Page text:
A Recipe for Well-Done Procedures
Seven steps that help reduce time, costs and confusion
by Steven Stein
Procedures are the bread and butter of any organization because they explain how employees are expected to do things. How many times, however, are the procedures only half-baked? How many times are they unclear or incomplete?
If a procedure is poorly prepared, staff members will take one bite, hate the taste and quickly tell co-workers about the experience. Should the procedure be a requirement, staff will reluctantly follow it but fight its originator on each step every time the procedure is carried out. To assure that procedures are not only implemented but that they are also effective, efficient and accepted by employees, consider following a procedures recipe (see sidebar "Creating the Correct Procedure the First Time").
Procedures are best served on an intranet or the Internet because a computer eliminates the need for large, intimidating procedure manuals. These manuals have all the appeal of a dead raccoon and will surely not be used by staff.
Because Web-based procedures are virtual, a staff member simply doesn't use any links that refer to unneeded procedures. With a paper system, however, staff must maintain and house every procedure--whether the procedures are needed or not. (Think of these unneeded procedures as leftovers that the user doesn't want.) Electronic formats also assure that the procedures stay fresh because changes can be easily made and immediately distributed.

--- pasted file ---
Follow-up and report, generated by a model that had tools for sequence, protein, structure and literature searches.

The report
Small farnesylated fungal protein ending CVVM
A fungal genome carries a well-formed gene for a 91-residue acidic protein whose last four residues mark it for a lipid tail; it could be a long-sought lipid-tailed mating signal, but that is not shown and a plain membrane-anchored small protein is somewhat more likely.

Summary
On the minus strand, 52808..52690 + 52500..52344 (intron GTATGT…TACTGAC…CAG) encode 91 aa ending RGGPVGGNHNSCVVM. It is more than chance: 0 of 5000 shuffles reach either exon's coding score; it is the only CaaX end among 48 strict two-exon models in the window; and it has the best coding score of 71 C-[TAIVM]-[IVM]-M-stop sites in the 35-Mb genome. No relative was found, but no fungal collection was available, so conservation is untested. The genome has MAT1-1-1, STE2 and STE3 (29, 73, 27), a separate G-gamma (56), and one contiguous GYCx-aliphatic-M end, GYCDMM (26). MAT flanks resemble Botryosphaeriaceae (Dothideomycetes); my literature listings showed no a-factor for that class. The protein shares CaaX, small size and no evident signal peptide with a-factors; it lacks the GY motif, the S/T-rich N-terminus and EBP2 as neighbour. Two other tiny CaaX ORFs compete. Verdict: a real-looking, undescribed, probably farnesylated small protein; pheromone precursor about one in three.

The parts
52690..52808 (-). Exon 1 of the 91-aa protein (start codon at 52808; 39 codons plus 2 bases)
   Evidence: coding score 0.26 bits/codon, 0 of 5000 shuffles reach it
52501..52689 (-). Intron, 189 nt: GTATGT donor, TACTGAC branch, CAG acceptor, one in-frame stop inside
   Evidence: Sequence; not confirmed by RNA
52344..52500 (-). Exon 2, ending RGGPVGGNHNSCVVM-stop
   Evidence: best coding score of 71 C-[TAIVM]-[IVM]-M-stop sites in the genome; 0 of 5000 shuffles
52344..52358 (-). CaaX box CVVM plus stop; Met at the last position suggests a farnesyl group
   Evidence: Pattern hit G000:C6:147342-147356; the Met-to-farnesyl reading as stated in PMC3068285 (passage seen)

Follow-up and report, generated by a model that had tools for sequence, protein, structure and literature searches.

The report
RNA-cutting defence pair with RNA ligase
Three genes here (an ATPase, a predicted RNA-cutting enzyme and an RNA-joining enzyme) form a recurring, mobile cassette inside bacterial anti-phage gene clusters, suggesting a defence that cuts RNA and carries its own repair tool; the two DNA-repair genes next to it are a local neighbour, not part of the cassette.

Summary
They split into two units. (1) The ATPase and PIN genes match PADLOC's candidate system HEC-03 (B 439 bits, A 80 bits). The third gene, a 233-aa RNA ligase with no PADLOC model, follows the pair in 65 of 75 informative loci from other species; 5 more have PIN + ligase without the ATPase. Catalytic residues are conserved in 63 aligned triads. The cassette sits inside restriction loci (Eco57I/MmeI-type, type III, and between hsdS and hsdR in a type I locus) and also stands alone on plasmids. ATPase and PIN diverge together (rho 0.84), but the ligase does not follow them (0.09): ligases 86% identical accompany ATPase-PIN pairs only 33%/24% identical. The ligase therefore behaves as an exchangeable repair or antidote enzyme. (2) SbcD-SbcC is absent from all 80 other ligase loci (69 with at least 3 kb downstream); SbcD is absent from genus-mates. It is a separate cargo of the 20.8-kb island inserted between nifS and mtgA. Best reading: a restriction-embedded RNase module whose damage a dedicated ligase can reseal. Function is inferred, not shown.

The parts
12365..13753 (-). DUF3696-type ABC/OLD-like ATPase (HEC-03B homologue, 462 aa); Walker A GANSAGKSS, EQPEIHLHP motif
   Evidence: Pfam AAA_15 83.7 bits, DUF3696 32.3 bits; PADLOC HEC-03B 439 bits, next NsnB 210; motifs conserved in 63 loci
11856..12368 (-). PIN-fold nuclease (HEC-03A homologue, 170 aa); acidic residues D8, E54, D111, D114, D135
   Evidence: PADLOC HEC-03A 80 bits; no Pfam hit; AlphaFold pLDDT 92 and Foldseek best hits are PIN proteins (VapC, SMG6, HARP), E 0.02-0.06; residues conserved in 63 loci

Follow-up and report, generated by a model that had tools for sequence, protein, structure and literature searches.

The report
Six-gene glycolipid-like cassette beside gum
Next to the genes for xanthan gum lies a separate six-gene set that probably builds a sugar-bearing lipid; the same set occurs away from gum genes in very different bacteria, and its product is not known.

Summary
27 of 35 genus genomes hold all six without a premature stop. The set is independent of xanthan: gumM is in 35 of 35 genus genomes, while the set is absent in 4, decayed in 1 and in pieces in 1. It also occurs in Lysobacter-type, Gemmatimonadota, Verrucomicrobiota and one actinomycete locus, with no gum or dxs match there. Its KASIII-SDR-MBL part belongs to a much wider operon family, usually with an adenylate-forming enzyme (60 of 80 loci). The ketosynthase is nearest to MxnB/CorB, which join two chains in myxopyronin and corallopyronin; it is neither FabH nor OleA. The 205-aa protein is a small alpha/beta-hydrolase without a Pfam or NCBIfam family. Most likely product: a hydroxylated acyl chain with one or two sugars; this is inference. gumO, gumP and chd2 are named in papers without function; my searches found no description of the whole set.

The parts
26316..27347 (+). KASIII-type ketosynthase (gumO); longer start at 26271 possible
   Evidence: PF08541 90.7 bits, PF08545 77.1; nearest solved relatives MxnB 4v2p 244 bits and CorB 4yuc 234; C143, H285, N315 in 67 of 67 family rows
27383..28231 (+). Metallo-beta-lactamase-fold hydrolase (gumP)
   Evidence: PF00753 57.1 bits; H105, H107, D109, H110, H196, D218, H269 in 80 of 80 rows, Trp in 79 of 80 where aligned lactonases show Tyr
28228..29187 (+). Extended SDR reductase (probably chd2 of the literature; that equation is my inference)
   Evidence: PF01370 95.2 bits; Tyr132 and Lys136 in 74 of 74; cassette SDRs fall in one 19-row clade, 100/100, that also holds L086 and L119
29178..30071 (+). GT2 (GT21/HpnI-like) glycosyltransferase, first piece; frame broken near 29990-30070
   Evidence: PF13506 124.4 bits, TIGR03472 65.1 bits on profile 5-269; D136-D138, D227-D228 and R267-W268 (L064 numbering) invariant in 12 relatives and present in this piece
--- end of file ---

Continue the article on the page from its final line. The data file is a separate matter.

The proof is in the pudding
How well does this recipe work? Following this process, Brookhaven National Laboratory in Upton, NY, developed 21 procedures in one month. The total time per procedure averaged 60 hours for the combined work of all contributors. The participants unanimously agreed that this process was superior to the company's previous process, which took between one and two months.
Brookhaven's old process called for one person to develop the procedure and as many as 10 others to review it. The process averaged 75 total hours because the originator had to resolve the comments and route the procedure for a second review. And because the procedures were sometimes developed with little or no input from actual users, implementing them was difficult and required another 20 hours of rewrites.
With this new recipe, Brookhaven was able to whip up a set of procedures with less effort and without burning the batch.
STEVEN STEIN is a quality management specialist with Brookhaven National Laboratory in Upton, NY. He has a bachelor's degree in chemistry from Hofstra University in Hempstead, NY. Stein is an environmental management systems auditor, and an ASQ certified quality engineer and quality auditor. He is a Senior Member of ASQ.